On May 27, the Acting Comptroller of the Currency, Michael J. Hsu, delivered a speech emphasizing the importance of recovery planning in mitigating the risks associated with bank crises. Hsu argued that while preventing crises through risk management, capital and liquidity requirements, and strong supervision was the primary goal, having a robust recovery plan was critical for stabilizing banks and restoring confidence in stressful times. He noted his comments came in light of recent bank failures in the U.S. and abroad.

    Acting Comptroller Hsu drew an analogy to the philosophical “trolley problem,” highlighting the difficult choices regulators face. Hsu emphasized how banks and their regulators need actionable recovery plans with options to sell certain portfolios or businesses, increase liquidity and capital, or reduce risk-weighted assets to avoid losses. The Acting Comptroller also detailed how effective recovery plans should incorporate timely triggers for action, thorough impact assessments, and clear communication with stakeholders. He concluded by calling for the application of recovery planning requirements to all large banks with at least $100 billion in assets (down from the current $250 billion in assets requirement) suggesting that applying recovery planning guidelines in this manner could have mitigated recent regional bank failures and limited losses to the Deposit Insurance Fund.


    Bank Regulatory OCC Liquidity Risk Management

  • Agencies extend applicability date of certain provisions of their Community Reinvestment Act final rule

    Agency Rule-Making & Guidance

    On March 21, the FDIC, Fed, and OCC jointly issued an interim final rule to extend the applicability date of certain provisions of the Community Reinvestment Act (CRA) final rule and requested comments on the extension. As previously covered by InfoBytes, the final rule was intended to modernize how banks comply with the CRA, a law that encouraged banks to help meet the credit needs of low- and moderate-income communities.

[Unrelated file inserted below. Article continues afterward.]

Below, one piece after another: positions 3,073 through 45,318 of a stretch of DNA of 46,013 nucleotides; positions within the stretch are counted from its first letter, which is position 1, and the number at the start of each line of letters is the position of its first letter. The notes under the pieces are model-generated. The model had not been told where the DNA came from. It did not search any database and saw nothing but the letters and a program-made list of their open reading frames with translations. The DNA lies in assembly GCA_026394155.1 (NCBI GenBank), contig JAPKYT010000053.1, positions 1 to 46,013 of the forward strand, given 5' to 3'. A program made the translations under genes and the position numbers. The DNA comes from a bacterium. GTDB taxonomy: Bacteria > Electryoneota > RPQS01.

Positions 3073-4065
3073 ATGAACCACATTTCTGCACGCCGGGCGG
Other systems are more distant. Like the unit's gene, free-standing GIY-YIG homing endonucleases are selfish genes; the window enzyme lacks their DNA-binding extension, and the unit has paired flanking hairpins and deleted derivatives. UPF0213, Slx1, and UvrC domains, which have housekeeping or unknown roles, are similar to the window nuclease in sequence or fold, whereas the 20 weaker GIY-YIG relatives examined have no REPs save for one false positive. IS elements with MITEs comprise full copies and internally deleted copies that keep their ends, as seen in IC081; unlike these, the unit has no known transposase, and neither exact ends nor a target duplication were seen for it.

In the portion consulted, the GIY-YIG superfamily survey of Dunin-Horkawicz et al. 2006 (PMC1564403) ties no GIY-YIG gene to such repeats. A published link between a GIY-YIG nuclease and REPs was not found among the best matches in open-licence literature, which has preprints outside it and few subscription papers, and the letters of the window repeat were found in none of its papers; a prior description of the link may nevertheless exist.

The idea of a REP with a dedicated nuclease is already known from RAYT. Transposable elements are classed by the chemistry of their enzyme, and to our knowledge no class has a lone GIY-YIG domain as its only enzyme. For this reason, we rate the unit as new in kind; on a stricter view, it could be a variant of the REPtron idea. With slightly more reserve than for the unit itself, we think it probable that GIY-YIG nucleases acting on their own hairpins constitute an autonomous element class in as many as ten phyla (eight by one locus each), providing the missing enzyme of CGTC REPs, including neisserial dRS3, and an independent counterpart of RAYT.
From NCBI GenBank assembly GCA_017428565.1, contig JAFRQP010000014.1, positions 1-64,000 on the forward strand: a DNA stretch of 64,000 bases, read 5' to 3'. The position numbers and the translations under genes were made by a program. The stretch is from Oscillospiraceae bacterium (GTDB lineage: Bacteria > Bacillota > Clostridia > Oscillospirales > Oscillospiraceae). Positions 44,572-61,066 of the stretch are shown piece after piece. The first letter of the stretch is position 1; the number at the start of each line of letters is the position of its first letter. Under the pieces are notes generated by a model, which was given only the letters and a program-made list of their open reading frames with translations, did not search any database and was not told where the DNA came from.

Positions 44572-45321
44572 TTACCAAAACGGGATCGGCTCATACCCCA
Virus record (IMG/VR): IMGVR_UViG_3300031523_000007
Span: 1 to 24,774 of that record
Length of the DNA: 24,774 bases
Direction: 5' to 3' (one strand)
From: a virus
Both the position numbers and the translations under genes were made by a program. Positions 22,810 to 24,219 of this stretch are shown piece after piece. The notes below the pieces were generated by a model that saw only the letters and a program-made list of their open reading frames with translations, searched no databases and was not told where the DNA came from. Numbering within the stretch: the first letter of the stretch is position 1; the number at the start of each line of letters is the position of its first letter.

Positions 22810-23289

Stated “[t]o promote clarity and consistency,” the agencies have postponed the applicability date of the facility-based assessment areas and public file provisions from April 1, 2024, to January 1, 2026. As a result, banks would not be required to modify their assessment areas or public files in response to the final rule until the new 2026 date. This extension would put these elements on the same timeline as other components of the 2023 CRA final rule that also would take effect on January 1, 2026, including the performance tests and geographic area provisions.

    The agencies also made technical, non-substantive updates to the CRA final rule and related agency regulations that reference it. One of these technical adjustments specified that banks are not required to update their public CRA Notices until January 1, 2026. Public comments on the postponed implementation date must be received 45 days following the rule's publication in the Federal Register.

    Agency Rule-Making & Guidance Bank Regulatory Federal Issues OCC FDIC CRA

  • Bank regulators respond to bankers’ motion to enjoin CRA final rule


    On March 8, the Fed, OCC, and FDIC (the federal banking agencies, or “FBAs”) submitted a brief opposing the plaintiffs’ motion for a preliminary injunction to stop the CRA final rule from going into effect. As previously covered by InfoBytes, a group of trade, banking, and business associations filed a class-action complaint for injunctive relief against the bank regulators’ enforcement of the final rule to implement the CRA before it goes into effect on April 1. The FBAs assert that, in opposing the final rule, the plaintiffs are asking the court to “graft” two exclusions from the CRA’s purpose that are not actually in the statute: first, to exclude geographic areas where a bank conducts retail lending from the scope of the bank’s “entire community”; and second, to exclude a bank’s deposit activities from the assessment on whether a bank is meeting its entire community’s “credit needs.” The banking regulators also argued that the plaintiffs’ motion for preliminary relief should fail because the plaintiffs cannot show irreparable harm, in that they have failed to demonstrate that costs to comply with the CRA final rule, which would not apply until 2026 and 2027, were significant when considered in the context of the bank’s overall finances. Finally, the FBAs argued that the public interest and balance of equities favor allowing the final rule to proceed, as, among other factors, “the rule provides significant regulatory relief and lower compliance costs for smaller institutions by increasing the asset size thresholds that determine which performance tests apply to an institution.”